Tag Archives: rejection

Finding a home for a child vs Finding a child for a home, two different mindsets…


Of all the different aspects of the case about Veronica Brown – the one question I can’t find an answer for: Why would adoptive parents be willing to, or want to, adopt a child whose parent did not want that child adopted?  Because that would be a forced adoption, not a voluntary adoption, and I thought we were past all that, at least, that is what everyone proudly proclaims. Read the rest of this entry »


Posted by on September 8, 2013 in Adoption, adoptive parents, biological child, Ethics


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Everyone leaves…


When I started dating as a teen, I found that the very moment the boy started caring about me, my emotions turned to ice.  We were done.  There were more than a few relationships in my teens that started out fine, and ended with the guy completely confused, because all he had done was tell me that he cared. Read the rest of this entry »


Posted by on July 31, 2013 in Adoption, adoptive parents, biological child


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The Buffalo Jump

Native American culture has always fascinated me. One of the many techniques used to hunt buffalo, was called a buffalo jump. Different tribes used different ways to accomplish the buffalo jump. Whichever technique was used, the result always came out the same for the buffalo in the end. The idea was to somehow stampede the buffalo towards the edge of, and over a cliff, where they would fall to their deaths. Sometimes the tribe used quite sophisticated techniques, such as, a type of natural holding pen with only one way in, and one way out, that way out being over the cliff. Some of the plains tribes, not having access to natural holding pens, and runs, would set fire to the prairie surrounding the buffalo. The fire then drove the buffalo toward the edge of the cliff, and finally, over. The buffalo, in the front of the herd, would try to stop, but the force of the herd would push them over. Those that followed, driven by fear and the will to survive, would blindly go over the cliff, because, well, what else were they going to do? In a buffalo’s mind, it was their only chance to survive, so realizing it or not, over they went. What choice did they really have?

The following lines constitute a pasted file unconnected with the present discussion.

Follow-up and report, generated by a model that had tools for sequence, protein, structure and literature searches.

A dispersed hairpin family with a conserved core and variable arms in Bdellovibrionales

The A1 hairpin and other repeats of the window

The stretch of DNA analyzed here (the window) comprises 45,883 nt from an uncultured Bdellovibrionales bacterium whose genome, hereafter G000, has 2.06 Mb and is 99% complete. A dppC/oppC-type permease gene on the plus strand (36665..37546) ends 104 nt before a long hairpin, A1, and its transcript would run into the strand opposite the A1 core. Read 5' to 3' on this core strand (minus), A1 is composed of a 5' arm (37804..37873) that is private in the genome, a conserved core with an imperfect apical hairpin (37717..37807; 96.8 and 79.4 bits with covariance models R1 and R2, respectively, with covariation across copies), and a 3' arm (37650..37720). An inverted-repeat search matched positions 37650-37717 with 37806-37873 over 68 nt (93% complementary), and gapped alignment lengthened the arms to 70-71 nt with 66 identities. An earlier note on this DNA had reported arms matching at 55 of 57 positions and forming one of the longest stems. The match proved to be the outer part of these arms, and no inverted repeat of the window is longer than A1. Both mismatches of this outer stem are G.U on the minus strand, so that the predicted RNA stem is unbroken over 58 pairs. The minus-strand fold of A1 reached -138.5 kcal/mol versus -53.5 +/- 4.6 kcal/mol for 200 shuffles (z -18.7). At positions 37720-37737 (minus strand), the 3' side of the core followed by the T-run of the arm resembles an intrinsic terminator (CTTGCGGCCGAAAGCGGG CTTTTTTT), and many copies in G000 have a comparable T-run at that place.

I think I can understand what it must be like to be a buffalo in a stampeding herd headed over a cliff. It’s how I felt that week prior to making “the call”. I was caught up in a herd of stampeding emotions. It was fear, apprehension, uncertainty, but mostly, it was a need to survive some kind of threat I couldn’t even consciously acknowledge. Sometimes, jumping, head first, eyes closed, and over the edge of the cliff is the only way, especially when, or if, you don’t know what, exactly, you are doing to begin with, much less, why. When you smell smoke, and feel the heat, Sometimes, in life, you find you are the buffalo, when you would rather be the Indian.

I hadn’t said a word to anyone about what was going on inside of me in the days leading up to “Just doing it!” Heck, I had no idea I was even going to “just do it” myself. I had spent the majority of the past 15/16 years convincing myself that this man wanted nothing to do with me. Rejection was eminent in my mind. The stories my birth mother had told me led me to assume that my birth father was a jerk, who had taken advantage of her naivety. In such a case, wasn’t rejection inevitable, or, was it?

In my mind, confusion had set in. The research I was reading showed that men, whose children had been placed for adoption, felt the same types of feelings as birth mothers. From the stories of birth fathers I had read, they too grieved the loss of their child. Would my birth father be like that?

I had spent years feeling anger at, what I believed, was his denial of my existence, but how could he have denied my existence if he didn’t know I existed; didn’t know he had a daughter? My birth mother had told me he knew she was pregnant, but she never called him after my birth to tell him he had a daughter. How could he know about me, his daughter, if she had never told him?

I contemplated, as to whether or not, all the men I knew, had they ever been in that position, would want to know they had a child? I came to the conclusion, though some might not be inclined to build a relationship, they would be curious, or, at the least open to giving medical history. Logically, I had to wonder why my birth father would be any different, so what was stopping me from finding out?